The upshot was the flight school lost a student that day. She may be female, and she may have been a bit older than the average student, but her money was just as green as anyone else’s. What’s more, she showed up for her lessons, she did her best, and she honestly studied and practiced in an effort to earn that license she wanted so badly. She deserved to be on the receiving end of service that was better than she was getting, and she knew it.

Now, this is the good part. My friend from the FBO suddenly decided that she could become a comparison shopper. There are other CFIs in the world, she figured. That flight school didn’t have a monopoly on them. She was right, too. She found an independent CFI to work with. He got her up to speed and soled her. When his airline flight schedule threatened to effect her training schedule adversely, he handed her off to another highly experienced CFI who got her through the rest of the requirements, prepped her for her practical test, and congratulated her when she came out of that ride with a gleaming white piece of paper that conferred on her the privileges of a private pilot.

Now here’s the part I find funny — and just. That flight school is gone. Long gone. In fact it went out of business 17 or 18 years ago. Possibly because they had the kind of manners that made their most dedicated students go shopping for a better flight training provider. Severe customer dissatisfaction isn’t the sort of thing that tends to make companies grow and prosper. And they didn’t. Yet the student they inadvertently insulted is still here, still flying, still owns her own airplane, and still inspires and motivates others to saddle up and get the prop turning as often as she can.

If my mother were here she would say the moral to that story is mind your manners. Of course she might turn right around and ask, “So, where do you get your ideas from?” And then we’d be off to the beginning again, and you never know where an imagination and a head full of memories will send me off to this time. Heck, let’s just call it a day and go flying.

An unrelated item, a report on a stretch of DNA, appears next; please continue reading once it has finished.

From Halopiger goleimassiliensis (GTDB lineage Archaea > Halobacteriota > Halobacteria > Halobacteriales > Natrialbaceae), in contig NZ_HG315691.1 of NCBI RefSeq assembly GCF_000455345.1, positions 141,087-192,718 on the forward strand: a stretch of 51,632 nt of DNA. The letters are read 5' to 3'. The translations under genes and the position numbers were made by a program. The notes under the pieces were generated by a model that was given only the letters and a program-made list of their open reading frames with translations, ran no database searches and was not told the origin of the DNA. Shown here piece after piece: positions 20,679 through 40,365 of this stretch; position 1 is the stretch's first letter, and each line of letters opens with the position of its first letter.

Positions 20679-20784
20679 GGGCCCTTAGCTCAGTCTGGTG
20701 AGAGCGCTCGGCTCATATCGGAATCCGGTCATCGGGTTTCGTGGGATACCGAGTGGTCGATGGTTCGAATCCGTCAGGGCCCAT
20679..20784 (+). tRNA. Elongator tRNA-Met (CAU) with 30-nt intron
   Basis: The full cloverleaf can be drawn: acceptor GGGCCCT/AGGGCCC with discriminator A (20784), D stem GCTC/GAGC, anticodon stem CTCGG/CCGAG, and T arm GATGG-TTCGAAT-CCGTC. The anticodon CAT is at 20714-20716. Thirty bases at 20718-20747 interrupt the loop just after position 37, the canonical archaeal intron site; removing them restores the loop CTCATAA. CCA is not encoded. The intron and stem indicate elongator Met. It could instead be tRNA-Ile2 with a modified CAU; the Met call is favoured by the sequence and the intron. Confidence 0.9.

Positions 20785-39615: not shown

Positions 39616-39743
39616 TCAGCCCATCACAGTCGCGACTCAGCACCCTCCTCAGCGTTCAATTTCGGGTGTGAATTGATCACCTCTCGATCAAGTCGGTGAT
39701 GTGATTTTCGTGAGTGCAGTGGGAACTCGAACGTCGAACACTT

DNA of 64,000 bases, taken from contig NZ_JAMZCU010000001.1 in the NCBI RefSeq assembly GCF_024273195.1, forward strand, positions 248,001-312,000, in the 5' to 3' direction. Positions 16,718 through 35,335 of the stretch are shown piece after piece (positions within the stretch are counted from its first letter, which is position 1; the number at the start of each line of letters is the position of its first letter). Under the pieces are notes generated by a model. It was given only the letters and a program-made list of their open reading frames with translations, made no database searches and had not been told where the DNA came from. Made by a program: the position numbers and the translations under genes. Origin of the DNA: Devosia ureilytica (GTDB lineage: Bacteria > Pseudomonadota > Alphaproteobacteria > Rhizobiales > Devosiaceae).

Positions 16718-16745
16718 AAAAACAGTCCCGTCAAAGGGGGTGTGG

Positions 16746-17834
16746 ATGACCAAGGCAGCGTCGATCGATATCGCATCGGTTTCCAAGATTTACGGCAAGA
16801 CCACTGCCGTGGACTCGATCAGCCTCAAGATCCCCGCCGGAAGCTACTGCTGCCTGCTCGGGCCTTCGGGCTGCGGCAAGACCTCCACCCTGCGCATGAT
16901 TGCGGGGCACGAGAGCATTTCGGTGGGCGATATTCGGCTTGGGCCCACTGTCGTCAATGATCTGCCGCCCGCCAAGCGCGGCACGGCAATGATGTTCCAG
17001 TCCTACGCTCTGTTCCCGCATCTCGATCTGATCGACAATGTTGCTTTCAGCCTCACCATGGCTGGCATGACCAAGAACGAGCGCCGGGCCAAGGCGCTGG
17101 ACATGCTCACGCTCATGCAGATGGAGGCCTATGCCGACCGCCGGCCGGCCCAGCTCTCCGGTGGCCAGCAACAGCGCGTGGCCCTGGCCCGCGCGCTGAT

Jamie Beckett is a CFI and A&P mechanic who stepped into the political arena in an effort to promote and protect GA at his local airport. He is also a founding partner and regular contributor to FlightMonkeys.com. You can reach him at Jamie@GeneralAviationNews.com.

 

 

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Comments

  1. Rod Beck says:

    Your the first person to use the word “business” in reference to GA and not one mention of “passion” – interesting!

    Seems that Jamie, you and myself who SEE the real problem – a total lack of traditional business principals – including poor customer service, basic sales techiques among them not utilized by FBO’s, flight schools and other Aviation Retail Providers.

    Pehaps a little less “passion” and a little more attention to BUSINESS may be the solution to less GA business failures. The problem is not WHATS being sold  – rather the METHOD in which it is done.

  2. Valerie Lynn says:

    Thank you for writing Jamie.  This speaks volumes, not only about some folks in  GA, but also about business. Good advice… mind your manners!